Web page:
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  5.  7
    Modeling Organs with Organs on Chips: Scientific Representation and Engineering Design as Modeling Relations.Michael Poznic - 2016 - Philosophy and Technology 29 (4):357-371.
    On the basis of a case study in bioengineering, this paper proposes a novel perspective on models in science and engineering. This is done with the help of two notions: representation and design. These two notions are interpreted as referring to modeling relations between vehicles and targets that differ in their respective directions of fit. The representation relation has a vehicle-to-target direction of fit and the design relation has a target-to-vehicle direction of fit. The case study of an organ on (...)
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  6.  6
    Phenomenology and the Empirical Turn: A Phenomenological Analysis of Postphenomenology.Jochem Zwier, Vincent Blok & Pieter Lemmens - 2016 - Philosophy and Technology 29 (4):313-333.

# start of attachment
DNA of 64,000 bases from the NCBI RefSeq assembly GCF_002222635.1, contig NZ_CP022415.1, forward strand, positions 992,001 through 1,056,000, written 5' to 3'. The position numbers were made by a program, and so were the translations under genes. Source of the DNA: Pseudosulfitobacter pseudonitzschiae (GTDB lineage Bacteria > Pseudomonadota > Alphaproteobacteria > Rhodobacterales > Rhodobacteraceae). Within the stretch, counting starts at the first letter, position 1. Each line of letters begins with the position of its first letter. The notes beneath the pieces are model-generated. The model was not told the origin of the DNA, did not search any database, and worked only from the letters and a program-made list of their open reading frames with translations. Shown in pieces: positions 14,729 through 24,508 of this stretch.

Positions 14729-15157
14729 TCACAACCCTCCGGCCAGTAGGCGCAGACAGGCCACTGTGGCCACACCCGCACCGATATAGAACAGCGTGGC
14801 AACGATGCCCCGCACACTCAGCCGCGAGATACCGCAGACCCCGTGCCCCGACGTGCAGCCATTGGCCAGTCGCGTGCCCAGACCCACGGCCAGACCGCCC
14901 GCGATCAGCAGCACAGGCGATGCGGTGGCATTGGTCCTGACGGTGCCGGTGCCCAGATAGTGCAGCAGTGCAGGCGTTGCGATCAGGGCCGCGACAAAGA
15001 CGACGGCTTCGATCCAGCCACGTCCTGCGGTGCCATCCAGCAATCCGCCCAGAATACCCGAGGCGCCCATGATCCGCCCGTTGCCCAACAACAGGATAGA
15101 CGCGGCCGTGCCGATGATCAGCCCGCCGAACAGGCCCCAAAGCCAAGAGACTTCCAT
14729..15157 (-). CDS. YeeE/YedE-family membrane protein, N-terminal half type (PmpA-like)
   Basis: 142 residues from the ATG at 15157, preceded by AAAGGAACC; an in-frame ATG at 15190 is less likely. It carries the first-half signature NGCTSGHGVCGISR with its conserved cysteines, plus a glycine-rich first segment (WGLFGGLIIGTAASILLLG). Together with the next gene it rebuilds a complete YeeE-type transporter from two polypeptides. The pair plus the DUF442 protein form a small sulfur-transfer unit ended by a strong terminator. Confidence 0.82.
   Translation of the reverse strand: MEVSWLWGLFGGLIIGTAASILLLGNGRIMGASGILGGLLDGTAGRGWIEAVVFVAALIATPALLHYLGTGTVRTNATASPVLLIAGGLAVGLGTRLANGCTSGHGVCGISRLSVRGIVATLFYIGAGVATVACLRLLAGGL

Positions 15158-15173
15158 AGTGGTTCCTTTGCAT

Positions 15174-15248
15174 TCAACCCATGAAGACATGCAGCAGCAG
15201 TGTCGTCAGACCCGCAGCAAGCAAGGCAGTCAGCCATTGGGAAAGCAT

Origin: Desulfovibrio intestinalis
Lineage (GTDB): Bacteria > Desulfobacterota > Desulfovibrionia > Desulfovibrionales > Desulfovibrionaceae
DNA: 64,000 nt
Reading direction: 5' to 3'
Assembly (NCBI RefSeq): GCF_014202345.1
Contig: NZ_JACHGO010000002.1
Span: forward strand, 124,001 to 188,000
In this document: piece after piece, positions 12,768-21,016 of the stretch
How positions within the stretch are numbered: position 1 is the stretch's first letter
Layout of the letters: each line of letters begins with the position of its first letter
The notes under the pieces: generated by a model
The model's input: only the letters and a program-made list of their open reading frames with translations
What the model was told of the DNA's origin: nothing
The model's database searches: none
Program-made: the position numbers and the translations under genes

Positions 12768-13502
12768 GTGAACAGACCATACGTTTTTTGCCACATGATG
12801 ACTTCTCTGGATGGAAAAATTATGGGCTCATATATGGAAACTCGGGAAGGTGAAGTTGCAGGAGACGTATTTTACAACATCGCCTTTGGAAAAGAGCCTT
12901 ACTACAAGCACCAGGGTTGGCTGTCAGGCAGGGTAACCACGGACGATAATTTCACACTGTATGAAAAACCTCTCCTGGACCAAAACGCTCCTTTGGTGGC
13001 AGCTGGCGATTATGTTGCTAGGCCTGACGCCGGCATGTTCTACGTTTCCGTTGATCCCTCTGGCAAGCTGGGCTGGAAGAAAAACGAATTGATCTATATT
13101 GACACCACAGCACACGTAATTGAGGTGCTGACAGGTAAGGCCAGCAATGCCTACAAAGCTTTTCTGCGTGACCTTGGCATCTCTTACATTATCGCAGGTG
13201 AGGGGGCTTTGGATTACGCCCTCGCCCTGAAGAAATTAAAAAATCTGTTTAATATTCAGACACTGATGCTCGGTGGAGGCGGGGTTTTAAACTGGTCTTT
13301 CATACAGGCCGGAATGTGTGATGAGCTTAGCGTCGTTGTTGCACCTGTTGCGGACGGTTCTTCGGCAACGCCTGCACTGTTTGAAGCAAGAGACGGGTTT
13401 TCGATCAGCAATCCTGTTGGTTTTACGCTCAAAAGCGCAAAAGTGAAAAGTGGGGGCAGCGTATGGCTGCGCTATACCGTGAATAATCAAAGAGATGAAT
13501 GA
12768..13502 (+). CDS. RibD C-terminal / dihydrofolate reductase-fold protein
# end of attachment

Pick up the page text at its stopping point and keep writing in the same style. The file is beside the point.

This paper provides a phenomenological analysis of postphenomenological philosophy of technology. While acknowledging that the results of its analyses are to be recognized as original, insightful, and valuable, we will argue that in its execution of the empirical turn, postphenomenology forfeits a phenomenological dimension of questioning. By contrasting the postphenomenological method with Heidegger’s understanding of phenomenology as developed in his early Freiburg lectures and in Being and Time, we will show how the postphenomenological method must be understood as mediation theory, (...)
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  7.  7
    The Secret in the Information Society.Dennis Broeders - 2016 - Philosophy and Technology 29 (3):293-305.
    Who can still keep a secret in a world in which everyone and everything are connected by technology aimed at charting and cross-referencing people, objects, movements, behaviour, relationships, tastes and preferences? The possibilities to keep a secret have come under severe pressure in the information age. That goes for the individual as well as the state. This development merits attention as secrecy is foundational for individual freedom as well as essential to the functioning of the state. Building on Simmel’s work (...)